This brings us to the role of women in Sparta, which was unique even amongst the Greeks of this time period. When a Persian messenger challenges the Queen for speaking out of turn, asking, “what makes this woman think she can speak among men?” she retorts “Because only Spartan women give birth to real men.” Even having more rights than most women of their time is somehow still summed up by male dominance, in this case Spartan ego. Still the Queen plays an important role in the plot of the movie and in the war effort, speaking at the Senate to rally support for her husband. Despite this the film emphasizes that love is a weakness in the eyes of the military. This could have to due with the male superiority in Greek culture, as women were seen as inferiors and objects of desire alongside boys. Real Spartan men were not permitted to live with their wives and could only visit them secretly in the night, though leaving the barracks at all was discouraged.

To me, Halperin’s purpose was to display that while today’s society views sexuality as a binary that has existed since the days of Adam and Eve, it in fact has a much more vibrant history. Indeed it seems Greek and Spartan sexual cultures were so different from our own that we cannot completely understand what it was to live within them, let alone expect a movie audience to grasp the cultural differences as historical realities.

“The Platonic Blow” – A 20th Century Response to Whitman

W.H Auden was one the the greatest and most intelligent writers of the 20th century and one of my favorite poets of all time. Much of Auden’s work is influenced by politics, religion, philosophy, and love. Auden was gay and fairly open about that fact. He often traveled to Berlin before WWII broke out to enjoy the gay scene in the city and to visit his close friend Christopher Isherwood. Isherwood, whom we briefly discussed in class, traveled with Auden to China, Spain, and eventually to America. They collaborated together on books about the Sino-Japanese War and the civil war in Spain.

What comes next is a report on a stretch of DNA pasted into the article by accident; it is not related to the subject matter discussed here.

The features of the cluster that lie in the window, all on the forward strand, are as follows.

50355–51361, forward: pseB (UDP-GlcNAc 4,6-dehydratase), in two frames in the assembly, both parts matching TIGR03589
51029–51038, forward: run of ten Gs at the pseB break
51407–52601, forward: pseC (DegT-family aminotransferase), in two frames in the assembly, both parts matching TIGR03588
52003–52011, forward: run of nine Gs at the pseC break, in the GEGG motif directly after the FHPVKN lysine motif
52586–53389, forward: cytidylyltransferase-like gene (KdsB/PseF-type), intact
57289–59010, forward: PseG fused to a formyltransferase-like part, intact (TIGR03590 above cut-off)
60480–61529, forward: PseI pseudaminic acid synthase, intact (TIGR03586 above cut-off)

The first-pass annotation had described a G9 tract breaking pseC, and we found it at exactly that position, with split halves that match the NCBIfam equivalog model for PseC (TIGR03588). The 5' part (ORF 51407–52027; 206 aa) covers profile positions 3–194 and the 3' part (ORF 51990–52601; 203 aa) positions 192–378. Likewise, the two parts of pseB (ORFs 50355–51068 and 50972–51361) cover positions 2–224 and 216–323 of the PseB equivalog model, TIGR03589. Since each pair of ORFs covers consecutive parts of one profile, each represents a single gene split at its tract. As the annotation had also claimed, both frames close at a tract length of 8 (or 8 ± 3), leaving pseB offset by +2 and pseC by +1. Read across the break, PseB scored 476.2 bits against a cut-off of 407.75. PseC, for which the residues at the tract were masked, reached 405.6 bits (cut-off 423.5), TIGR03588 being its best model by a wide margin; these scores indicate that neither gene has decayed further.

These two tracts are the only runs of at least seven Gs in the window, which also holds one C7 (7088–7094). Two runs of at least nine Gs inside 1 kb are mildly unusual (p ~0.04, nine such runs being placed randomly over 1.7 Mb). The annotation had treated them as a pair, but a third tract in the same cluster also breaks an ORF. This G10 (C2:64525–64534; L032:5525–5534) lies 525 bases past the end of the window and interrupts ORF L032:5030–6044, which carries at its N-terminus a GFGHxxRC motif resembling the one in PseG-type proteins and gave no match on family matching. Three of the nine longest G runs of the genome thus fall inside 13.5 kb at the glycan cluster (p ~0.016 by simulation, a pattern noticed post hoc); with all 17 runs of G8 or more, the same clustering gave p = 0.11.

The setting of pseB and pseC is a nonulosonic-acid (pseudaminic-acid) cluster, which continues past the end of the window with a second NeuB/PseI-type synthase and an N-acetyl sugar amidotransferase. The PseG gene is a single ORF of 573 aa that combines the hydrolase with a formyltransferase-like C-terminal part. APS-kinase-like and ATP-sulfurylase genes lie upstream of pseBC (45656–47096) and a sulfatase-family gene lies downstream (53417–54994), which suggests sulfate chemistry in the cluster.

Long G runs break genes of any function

I will leave it to you to read Auden’s more famous poems (which is something you really should do) and instead focus on a particular poem that is not as well known. Auden wrote this particular poem to his lover Chester Kallman to be playful and never meant it to be published. It is titled “A Platonic Blow” and you can read it here. It’s worth the read.

Not only is the poem about a guy cruising a man, bringing him back to his apartment, blowing him and rimming him, but it is a finely structured poem on top of that. Auden uses internal rhyme, an end rhyme scheme of ABAB, and each line is metered so that there are five stressed syllables. “A Platonic Blow” is unique in Auden’s work because of the explicit and raw eroticism of it.